Energy. Sophistication. Storytelling. Passion.
These are the four words that sum up the ‘Night of Omega Firsts’ held last night at Vue de Monde in Melbourne. Hosted by Omega, in association with Time+Tide, it involved a literal journey through time. 12 watches of enormous historical significance dating from 1894 were laid out along the table and revealed one by one. The journey began, fittingly, with the ‘Omega’ Caliber 19, for which the company is named right up to the first Melbourne sighting of the ‘Grey Side of the Moon’.
The great majority of the timepieces were not only in Australia for the first time, but also ‘let out’ of the Omega Museum in Bienne for the first time, too. All for this ‘one-show-only’ in downtown Melbourne. It amounted to one small step for man but one giant step for the Australian watch community. The pieces were each ‘storytold’ by no less than the Omega Museum Manager, Mr Petros Protopapas, who was flown to Melbourne exclusively for the evening: “It is also my first time in Australia, I am very excited to be here!” Petros personally accompanied the precious timepieces and actually wore the 1994 Central Tourbillon on the flight over, to be sure it arrived safely.
Omega Australia must be applauded for their investment in our fledgling but rapidly growing Australian community of watch lovers. It was a ‘history-hungry’ audience with differing levels of knowledge but a common denominator that was obvious in the interstitial chatter; passion for watches and also for what they represent. It is a telling fact that many had flown in for the event at their own expense. Stories about their ‘First Encounter with Omega’ is what led them to the event and stories about watches in general abounded for the rest of the night.
The journey itself was wrapped in mystique, with each black box signifying the year of the model but nothing more. As the group of 30 collectors and enthusiasts were transported through time by Petros’ narrative each black box would be lifted to reveal a Perspex inner case with the glittering timepiece displayed inside. It was then lifted from its case to be passed around the room. “It is critical, absolutely critical that people can interact with and form physical connections with these heroes of history,” said Petros in a poetic flourish. His impassioned style held the room in rapt attention for no less than four hours.
“It is critical, absolutely critical that people can interact with and form physical connections with these heroes of history.” Petros Protopapas, Museum Manager, Omega
The impact of Petros’ passion and delivery cannot be overstated. Looking spry in a pair of braces with a patterned bow tie, he spoke with an almost alarming amount of energy. Certainly for someone who stepped off a plane from Switzerland barely a day before. He drummed the back of his chair for drum rolls, threw his arms wildly and fired questions at the audience. He was the best possible advertisement for a trip to the Omega museum in Bienne. If you are ever within a one-hour plane ride of the place, you simply must go. But check first if Petros is there, because he is the key to unlocking Omega’s history and bringing it vividly to life.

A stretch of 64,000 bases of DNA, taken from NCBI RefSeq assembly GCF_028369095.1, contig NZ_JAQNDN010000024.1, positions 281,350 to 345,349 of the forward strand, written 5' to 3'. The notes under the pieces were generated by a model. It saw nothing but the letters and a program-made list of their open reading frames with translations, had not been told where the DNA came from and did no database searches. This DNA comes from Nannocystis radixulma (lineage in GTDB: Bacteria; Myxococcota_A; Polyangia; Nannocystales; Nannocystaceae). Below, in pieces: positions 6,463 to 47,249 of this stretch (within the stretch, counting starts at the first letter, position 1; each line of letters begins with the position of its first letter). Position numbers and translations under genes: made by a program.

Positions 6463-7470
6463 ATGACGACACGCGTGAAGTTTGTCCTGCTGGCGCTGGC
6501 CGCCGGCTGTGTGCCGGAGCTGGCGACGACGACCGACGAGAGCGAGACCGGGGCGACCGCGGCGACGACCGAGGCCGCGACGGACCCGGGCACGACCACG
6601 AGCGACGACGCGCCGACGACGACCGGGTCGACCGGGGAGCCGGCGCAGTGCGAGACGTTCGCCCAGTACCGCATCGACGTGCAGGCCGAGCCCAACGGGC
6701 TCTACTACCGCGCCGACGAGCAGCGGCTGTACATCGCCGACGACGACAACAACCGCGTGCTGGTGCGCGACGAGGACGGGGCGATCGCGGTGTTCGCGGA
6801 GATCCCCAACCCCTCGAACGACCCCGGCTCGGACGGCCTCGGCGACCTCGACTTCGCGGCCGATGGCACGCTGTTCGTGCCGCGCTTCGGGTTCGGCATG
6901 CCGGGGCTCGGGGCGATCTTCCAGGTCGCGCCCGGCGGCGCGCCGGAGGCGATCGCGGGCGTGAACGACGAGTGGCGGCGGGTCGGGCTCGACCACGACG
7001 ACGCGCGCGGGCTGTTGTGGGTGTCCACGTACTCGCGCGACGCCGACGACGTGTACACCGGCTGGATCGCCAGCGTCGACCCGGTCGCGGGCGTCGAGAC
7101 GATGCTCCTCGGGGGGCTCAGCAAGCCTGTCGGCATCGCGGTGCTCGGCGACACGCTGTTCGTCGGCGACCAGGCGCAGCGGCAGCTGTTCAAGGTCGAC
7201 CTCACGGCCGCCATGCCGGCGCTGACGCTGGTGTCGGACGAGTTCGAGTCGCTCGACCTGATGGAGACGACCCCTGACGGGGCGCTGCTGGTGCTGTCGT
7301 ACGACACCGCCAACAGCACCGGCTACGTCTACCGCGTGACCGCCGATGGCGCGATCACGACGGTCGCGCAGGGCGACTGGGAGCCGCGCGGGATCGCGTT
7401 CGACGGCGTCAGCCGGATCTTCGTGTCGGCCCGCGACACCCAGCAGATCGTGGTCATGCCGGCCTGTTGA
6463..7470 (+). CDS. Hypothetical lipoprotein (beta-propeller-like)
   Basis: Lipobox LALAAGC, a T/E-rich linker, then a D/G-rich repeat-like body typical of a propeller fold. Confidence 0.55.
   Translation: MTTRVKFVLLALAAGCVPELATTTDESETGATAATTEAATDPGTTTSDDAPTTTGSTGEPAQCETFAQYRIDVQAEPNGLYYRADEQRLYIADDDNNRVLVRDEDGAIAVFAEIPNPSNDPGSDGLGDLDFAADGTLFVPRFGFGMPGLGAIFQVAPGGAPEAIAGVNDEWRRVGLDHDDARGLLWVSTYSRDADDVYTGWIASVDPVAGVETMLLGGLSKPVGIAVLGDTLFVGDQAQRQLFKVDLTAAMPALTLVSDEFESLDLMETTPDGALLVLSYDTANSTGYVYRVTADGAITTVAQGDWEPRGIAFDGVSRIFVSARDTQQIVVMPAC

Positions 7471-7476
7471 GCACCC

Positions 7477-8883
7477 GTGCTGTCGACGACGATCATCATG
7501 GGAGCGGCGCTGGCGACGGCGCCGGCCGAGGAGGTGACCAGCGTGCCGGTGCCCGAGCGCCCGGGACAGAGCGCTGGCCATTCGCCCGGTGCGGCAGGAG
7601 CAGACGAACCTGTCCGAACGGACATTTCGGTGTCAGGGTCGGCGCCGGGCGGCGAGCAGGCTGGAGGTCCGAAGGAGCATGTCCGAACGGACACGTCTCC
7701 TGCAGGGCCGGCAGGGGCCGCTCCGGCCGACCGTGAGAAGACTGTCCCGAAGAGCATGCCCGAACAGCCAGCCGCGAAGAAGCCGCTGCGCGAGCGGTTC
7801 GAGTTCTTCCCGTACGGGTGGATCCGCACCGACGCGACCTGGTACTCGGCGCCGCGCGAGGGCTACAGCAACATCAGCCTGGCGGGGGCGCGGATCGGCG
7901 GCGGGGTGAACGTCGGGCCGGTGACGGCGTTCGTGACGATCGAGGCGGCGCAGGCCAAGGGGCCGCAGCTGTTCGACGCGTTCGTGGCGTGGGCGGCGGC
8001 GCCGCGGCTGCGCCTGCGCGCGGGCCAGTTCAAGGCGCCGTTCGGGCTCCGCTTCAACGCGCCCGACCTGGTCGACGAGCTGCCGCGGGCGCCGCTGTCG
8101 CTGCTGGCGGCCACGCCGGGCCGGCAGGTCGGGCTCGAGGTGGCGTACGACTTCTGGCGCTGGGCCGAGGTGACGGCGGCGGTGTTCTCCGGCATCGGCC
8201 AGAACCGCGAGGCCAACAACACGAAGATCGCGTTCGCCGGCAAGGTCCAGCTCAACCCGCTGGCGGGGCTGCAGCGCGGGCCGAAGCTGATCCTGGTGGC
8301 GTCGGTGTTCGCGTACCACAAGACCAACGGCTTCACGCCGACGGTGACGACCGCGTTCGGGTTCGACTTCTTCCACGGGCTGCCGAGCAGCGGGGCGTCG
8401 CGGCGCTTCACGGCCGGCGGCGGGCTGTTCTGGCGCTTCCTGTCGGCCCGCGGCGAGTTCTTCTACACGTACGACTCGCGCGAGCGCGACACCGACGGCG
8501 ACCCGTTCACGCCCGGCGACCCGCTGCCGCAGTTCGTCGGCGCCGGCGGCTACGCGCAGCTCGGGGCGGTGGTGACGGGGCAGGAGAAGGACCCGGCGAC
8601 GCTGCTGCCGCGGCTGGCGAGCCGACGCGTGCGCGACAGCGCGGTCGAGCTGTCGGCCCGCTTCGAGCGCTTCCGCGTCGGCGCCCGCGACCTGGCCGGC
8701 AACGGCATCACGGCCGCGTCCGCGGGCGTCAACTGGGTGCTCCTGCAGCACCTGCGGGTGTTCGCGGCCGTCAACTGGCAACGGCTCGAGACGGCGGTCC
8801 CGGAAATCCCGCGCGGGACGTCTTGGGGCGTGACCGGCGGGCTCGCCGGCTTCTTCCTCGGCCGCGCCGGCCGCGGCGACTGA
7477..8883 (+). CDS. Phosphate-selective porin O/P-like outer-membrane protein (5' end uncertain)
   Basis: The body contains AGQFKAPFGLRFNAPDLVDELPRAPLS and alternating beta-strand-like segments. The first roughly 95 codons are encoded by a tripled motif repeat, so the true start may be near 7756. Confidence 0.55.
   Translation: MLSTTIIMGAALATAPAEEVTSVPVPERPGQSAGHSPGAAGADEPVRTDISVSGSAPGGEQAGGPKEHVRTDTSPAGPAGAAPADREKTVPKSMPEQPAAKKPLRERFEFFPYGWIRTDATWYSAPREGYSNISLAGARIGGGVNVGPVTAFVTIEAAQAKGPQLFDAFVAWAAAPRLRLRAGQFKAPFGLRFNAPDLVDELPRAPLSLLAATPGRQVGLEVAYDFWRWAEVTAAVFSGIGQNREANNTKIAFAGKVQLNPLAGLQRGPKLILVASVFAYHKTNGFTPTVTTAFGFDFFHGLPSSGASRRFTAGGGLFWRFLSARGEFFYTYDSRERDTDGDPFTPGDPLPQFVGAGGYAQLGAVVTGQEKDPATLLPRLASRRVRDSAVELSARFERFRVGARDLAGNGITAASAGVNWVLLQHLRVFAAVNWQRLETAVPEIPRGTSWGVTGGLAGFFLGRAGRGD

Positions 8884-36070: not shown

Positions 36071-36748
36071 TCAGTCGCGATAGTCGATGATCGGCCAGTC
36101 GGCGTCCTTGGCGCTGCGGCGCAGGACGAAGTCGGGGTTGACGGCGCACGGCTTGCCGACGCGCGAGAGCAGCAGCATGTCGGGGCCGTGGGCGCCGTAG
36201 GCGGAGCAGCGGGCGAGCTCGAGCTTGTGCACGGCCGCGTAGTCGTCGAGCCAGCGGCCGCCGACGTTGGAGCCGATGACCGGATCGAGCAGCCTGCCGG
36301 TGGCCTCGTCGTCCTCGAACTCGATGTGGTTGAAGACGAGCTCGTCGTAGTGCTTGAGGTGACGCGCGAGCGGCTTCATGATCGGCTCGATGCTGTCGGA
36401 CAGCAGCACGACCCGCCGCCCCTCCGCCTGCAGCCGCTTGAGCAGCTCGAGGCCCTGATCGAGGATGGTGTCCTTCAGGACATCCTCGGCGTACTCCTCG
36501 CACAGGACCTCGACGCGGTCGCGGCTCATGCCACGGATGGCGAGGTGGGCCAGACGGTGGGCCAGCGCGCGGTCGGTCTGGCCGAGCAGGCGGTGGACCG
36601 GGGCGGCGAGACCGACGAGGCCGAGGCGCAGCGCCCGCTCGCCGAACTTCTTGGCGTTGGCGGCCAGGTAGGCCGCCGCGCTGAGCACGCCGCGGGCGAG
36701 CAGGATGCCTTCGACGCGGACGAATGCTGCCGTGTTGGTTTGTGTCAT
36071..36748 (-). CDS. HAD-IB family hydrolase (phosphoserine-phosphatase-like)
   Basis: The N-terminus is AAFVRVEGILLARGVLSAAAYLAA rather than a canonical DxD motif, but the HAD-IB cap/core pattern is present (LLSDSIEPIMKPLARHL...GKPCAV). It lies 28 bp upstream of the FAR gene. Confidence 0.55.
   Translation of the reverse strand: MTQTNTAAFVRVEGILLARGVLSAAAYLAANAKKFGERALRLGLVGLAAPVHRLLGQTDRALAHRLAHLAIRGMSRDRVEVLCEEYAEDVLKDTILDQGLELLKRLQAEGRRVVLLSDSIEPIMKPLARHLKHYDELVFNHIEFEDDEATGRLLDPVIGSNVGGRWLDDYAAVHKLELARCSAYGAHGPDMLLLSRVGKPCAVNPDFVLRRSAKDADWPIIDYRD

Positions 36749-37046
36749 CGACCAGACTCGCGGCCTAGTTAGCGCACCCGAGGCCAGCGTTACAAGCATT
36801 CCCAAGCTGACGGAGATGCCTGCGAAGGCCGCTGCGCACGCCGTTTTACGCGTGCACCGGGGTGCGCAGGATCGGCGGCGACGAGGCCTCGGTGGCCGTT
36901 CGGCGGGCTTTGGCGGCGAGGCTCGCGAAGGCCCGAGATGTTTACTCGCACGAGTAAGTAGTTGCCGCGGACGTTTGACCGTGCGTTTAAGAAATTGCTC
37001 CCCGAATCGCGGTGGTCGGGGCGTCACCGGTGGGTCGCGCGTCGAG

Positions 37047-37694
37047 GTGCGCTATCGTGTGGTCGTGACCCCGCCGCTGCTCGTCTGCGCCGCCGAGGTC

The official presentation concluded with an invitation for guests to convene with Petros in a corner of the room with all timepieces on display trays for inspection, selfies, wristshots and further questions. Petros also had several documents to hand, including a letter to Omega from NASA. Well, the invitation resulted in the most civilised free for all you can possibly imagine. Read: Petros was quickly mobbed.
The running of the program was as precise and on-time as the 1994 Central Tourbillon. And while the crowd had the opportunity to be well lubricated by local Australian wines, like an Omega Co-Axial Movement – George Daniels’ actual prototype of which was in the room! – most were too entranced by the wrist candy to need it. “I’m drunk on watches,” Executive Chef and budding watch lover Ben Cooper said. “But the best thing is I can still drive home.”
Lastly, a round of thank yous: To Erin Collins at Omega, who hatched this crazy plan with me and executed it with skill, flair and precision. To Megan Parker, the General Manager of Omega, for her belief in and support of Time+Tide and our community. To Gloss Creative, whose styling and attention to detail was outstanding. To the Time+Tide team of Felix, Hamish, DC and especially KD and Nice Bike, who worked like Trojans all night shooting and filming. To the Time+Tide friends and follwers that attended and filled the room with energy at the right times and respectful silence at others. And once more to Petros. The night hung on his delivery of these 12 timepieces. And boy, did he deliver.